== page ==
Ever since CTV aired The Sopranos’ first season against CBC’s coverage of the 2000 Summer Olympics, I’ve contended that gritty and raw as it is, in terms of all-round writing brilliance, acting quality, dramatization, and production values, it simply eclipses everything else on the small screen. The only shows that come close in quality and depth are Dick Wolf’s durable Law and Order fleet of TV dramas. The Sopranos is simply one of the all-time great television series, notwithstanding the “violence, nudity, adult situations, and extremely coarse language” the network blurbs warn of at the beginning of each segment.
James Gandolfini’s Tony Soprano is one of the most complex and fascinating characters that has ever been portrayed on television. In a world awash with nihilism, ironic detachment, and relativism, Tony is an intensely moral man. His morality is not liberal morality and certainly not Christian morality, but he lives by objective standards rather than subjective situational ethics. He cares about right and wrong, and believes that they exist as objective categories, though his perception and interpretation are in many respects dysfunctional. The inner tensions that Tony’s moral struggles impose on his life are the show’s essential theme, built around his wearily trying to resolve his guilt and conflictedness through psychotherapy.
Tony Soprano is, of course, in conventional terms also a moral train-wreck.
He promiscuously cheats on his wife; he lies habitually, steals and extorts; he runs a strip joint; he orders people beaten up and killed, he kills people himself – in one first season episode, with his bare hands. Violence and menace are always lurking just below the surface, but while Tony doesn’t lead a morally wholesome life (to put it mildly), he understands the natural law construct of morality, and acknowledges that he is a sinner. The Sopranos even manages to address religious issues seriously and respectfully, albeit not uncritically. The plotlines and characters raise spiritual issues that shine a spotlight on our own moral ambiguities.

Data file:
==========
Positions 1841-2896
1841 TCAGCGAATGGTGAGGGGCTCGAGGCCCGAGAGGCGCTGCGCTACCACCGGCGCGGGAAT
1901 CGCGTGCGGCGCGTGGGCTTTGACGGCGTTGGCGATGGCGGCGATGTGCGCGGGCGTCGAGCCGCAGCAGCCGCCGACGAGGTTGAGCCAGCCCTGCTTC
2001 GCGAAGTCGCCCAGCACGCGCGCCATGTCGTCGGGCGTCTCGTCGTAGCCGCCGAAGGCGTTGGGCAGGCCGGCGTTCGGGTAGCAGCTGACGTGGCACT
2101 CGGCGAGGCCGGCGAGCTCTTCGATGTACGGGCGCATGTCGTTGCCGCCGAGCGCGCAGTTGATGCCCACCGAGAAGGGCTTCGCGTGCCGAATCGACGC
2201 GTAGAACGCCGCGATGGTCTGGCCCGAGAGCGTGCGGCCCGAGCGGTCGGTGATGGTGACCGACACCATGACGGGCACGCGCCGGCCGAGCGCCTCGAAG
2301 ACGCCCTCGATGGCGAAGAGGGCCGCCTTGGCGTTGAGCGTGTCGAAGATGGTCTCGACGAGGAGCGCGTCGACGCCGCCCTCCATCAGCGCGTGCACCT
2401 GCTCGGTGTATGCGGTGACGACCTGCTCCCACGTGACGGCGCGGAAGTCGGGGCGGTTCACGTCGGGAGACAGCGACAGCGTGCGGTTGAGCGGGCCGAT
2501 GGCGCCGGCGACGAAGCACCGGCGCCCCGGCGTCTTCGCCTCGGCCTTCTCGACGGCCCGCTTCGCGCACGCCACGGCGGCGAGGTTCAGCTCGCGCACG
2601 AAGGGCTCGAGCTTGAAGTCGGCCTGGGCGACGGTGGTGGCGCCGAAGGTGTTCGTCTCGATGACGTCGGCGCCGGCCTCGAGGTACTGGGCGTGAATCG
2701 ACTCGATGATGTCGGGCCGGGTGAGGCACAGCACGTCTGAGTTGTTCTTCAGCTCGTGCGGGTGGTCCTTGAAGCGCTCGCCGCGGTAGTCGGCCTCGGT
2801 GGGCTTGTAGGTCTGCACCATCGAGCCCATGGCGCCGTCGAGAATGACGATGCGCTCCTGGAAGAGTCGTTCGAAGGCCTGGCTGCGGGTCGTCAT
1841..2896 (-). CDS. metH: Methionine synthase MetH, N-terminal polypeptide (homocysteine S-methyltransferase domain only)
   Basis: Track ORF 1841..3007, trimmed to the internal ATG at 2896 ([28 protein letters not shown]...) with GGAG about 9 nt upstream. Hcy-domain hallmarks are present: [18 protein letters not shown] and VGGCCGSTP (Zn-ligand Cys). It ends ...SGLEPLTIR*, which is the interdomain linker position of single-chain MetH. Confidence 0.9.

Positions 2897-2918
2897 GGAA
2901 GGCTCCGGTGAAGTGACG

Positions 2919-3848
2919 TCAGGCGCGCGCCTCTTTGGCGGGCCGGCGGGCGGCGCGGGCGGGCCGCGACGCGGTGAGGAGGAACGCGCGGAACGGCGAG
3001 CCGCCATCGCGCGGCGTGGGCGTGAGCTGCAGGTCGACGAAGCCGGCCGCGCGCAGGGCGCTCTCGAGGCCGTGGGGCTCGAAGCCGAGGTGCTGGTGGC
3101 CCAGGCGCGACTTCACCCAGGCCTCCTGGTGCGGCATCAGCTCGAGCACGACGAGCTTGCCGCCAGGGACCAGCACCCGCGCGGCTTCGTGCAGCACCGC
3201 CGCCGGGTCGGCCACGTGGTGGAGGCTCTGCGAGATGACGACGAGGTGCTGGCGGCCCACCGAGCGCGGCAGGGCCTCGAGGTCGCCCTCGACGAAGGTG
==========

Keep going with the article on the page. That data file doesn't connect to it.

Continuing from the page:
I’m of course not the first or only one such thoughts have occurred to. The Rev. Chris Seay, founding pastor of University Baptist Church in Waco, Tx., now pastor of Ekklesia, an Acts 29 church in Houston, explores the spiritual and moral significance of The Sopranos in depth in his new book, The Gospel According to Tony Soprano: Discovering the Spiritual Insights of Television’s Most Notorious Family.
Seay, 30, who has lectured across the U.S. on issues related to the interface between the Gospel and culture, says that, “The Sopranos shines light into dark areas. It calls hidden secrets to the surface and creates a heightened awareness of the flawed state of mankind … If viewed with an open mind, The Sopranos has the potential to teach as parable about family, love, crime and God.
“How can one become a better person watching a series that is violent and sexually deviant, portrays criminal behaviour, and disrespects the sacred vows that bind the family?” Seay writes. “Many will say it’s not possible. They will likely mock the aim of this book and especially the intentions of Sopranos creator David Chase, who is seen as cashing in on extreme violence and sexuality.”
However, Seay contends, “Art should reflect reality, not religious fantasy. Turning the scandalous men of the Bible like Abraham, Solomon, and Moses into Mr. Rogers-type figures robs the biblical narrative of its power. These men were deeply flawed, not unlike Tony Soprano. Abraham pimps out the matriarch of the Judeo-Christian faith to powerful kings, and his nephew Lot offers his virgin daughter to the townspeople to be gang-raped. Solomon takes a new wife almost daily, and Moses murders a man in a fit of rage.
“When everyone is near perfect there is no progress. No direction. No redemption. Nothing real people can relate to. It is only when a mirror is held up to reflect our own imperfection that we begin to comprehend our need for change. These flawed men and women are broken in the same ways you and I are, and therefore have something to say to us.”